Cornell Race and Empathy Project, YouTube, Instagram Stories, More: Monday Evening Buzz, August 27, 2018

This issue is dedicated to Laura Prescott.


Cornell University: Empathy project goes online. “Since its launch in September 2016, the Cornell Race and Empathy Project has recorded, archived and shared the everyday stories of Cornellians that evoke racial empathy. The physical incarnation of the project – a cozy listening booth shaped like a stylized ear – is showing wear and tear and will have to be retired. To continue fostering the ability to identify and understand the feelings of someone of a different background, the project has evolved into an online presence.”


Mashable: YouTube ads are about to get a little less skippable. “Any channel that can monetize its videos will soon be able to implement non-skippable ads. Previously, as mentioned in the video, only select YouTube channels were able to run non-skippable ads.”


Sprout Social: The Ultimate Guide on How to Use Instagram Stories . “Stories are no longer seen as a novelty. At this point, they’re a staple of Instagram itself. But if you don’t quite ‘get’ Stories or how they work, their popularity might leave you scratching your head a bit. Don’t fret. In this guide, we’re going to break down how to use Instagram Stories for your business or brand. From what makes a proper post to best practices to ensure your Stories don’t go unnoticed, we’ve got you covered.”

Digital Trends: The best free movies on YouTube. “Google quietly begang rolling out the section in 2011. Since then, its library of titles for rent, purchase, or streaming has grown considerably, adding up to more movies than you could watch in a lifetime. If you don’t want to pay for a streaming service like Netflix or HBO, you can view some free movies on YouTube, but it’s tough to find stuff that isn’t illegally uploaded or in poor quality.”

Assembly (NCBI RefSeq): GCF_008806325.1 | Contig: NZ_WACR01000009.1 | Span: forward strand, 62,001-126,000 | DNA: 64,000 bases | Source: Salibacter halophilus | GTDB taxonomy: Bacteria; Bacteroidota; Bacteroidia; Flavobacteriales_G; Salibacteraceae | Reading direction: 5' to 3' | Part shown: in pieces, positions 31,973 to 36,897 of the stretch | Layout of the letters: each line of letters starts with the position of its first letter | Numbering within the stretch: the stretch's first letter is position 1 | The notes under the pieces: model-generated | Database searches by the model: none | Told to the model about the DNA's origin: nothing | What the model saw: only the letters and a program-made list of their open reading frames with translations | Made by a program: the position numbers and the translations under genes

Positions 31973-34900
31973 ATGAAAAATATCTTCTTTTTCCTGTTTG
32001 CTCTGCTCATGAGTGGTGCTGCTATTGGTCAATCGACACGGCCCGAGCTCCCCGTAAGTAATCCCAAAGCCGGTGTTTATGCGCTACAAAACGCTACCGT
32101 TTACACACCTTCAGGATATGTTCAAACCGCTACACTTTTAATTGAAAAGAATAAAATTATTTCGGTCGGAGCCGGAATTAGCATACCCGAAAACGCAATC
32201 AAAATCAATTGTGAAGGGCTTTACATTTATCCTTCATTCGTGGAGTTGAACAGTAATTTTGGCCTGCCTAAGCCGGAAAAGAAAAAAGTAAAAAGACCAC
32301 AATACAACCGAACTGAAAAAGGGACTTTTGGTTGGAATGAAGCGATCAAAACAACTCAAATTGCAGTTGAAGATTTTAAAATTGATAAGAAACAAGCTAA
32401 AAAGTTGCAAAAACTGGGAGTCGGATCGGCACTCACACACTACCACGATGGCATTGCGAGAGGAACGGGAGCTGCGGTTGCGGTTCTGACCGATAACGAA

CBC: Meet the amateur historian who created one of the largest databases of Indigenous soldiers. “The names of more than 150,000 Indigenous soldiers who fought for Canada and the United States have been identified after a two-decade effort from a Quebec resident. Yann Castelnot, an amateur historian from France, has compiled one of the largest databases of Indigenous soldiers, including 18,830 who were born in Canada, as a way to learn more about their contributions to Canadian and American forces.”

MENAFN: Google Korea accused of unfair business practices. “Sources said the Fair Trade Commission (FTC) recently wrapped up a three-week on-site probe at the company’s headquarters in Seoul into the allegations that Google has been pressing local game firms to launch their games exclusively on the Google Play platform.”

Sonoma State University: SSU professor receives $50,000 National Endowment for the Humanities grant. “Janet Hess, a Sonoma State University professor of art history and African and diasporic studies, has received a $50,000 grant from the National Endowment for the Humanities, the first of its kind awarded to a CSU educator this year. With the Digital Humanities Advancement Grant, Hess plans to create a prototype digital map of three indigenous American nations, documenting their geographic ranges, languages, architectural styles and cultural practices both before and after contact with European settlers. During the first phase of the project, she will focus on the California tribes of the Modoc and Pomo/Miwok and the once dominant plains nation of the Osage.”


Medium: Before You Turn On Two-Factor Authentication…. “Before you require a second factor to login to your accounts, you should understand the risks, have a recovery plan for when you lose your second factor(s), and know the tricks attackers may use to defeat two-factor authentication.”

Engadget: EU may fine political groups misusing personal data to skew elections. “The European Union is determined to prevent a Cambridge Analytica-style scandal where politicians misuse personal data for strategic gains. The Financial Times has learned of a European Commission draft amendment that would fine political organizations if they benefit from surreptitious personal data gathering.”


Northeastern University: Will Fake Social Media Followers Derail The Booming Influencer Marketing Business?. “Celebrities, social media stars, and other online personalities have taken a hit to their credibility in recent months, as millions of their followers have been exposed as fake or bought. This has created a bigger problem for advertisers and consumers, who no longer can trust in high follower numbers as a measure of influence and credibility. Now, a machine-learning algorithm developed by Northeastern graduates is giving marketers a way to keep their advertising real—and rebuild consumer trust. ” Good evening, Internet…

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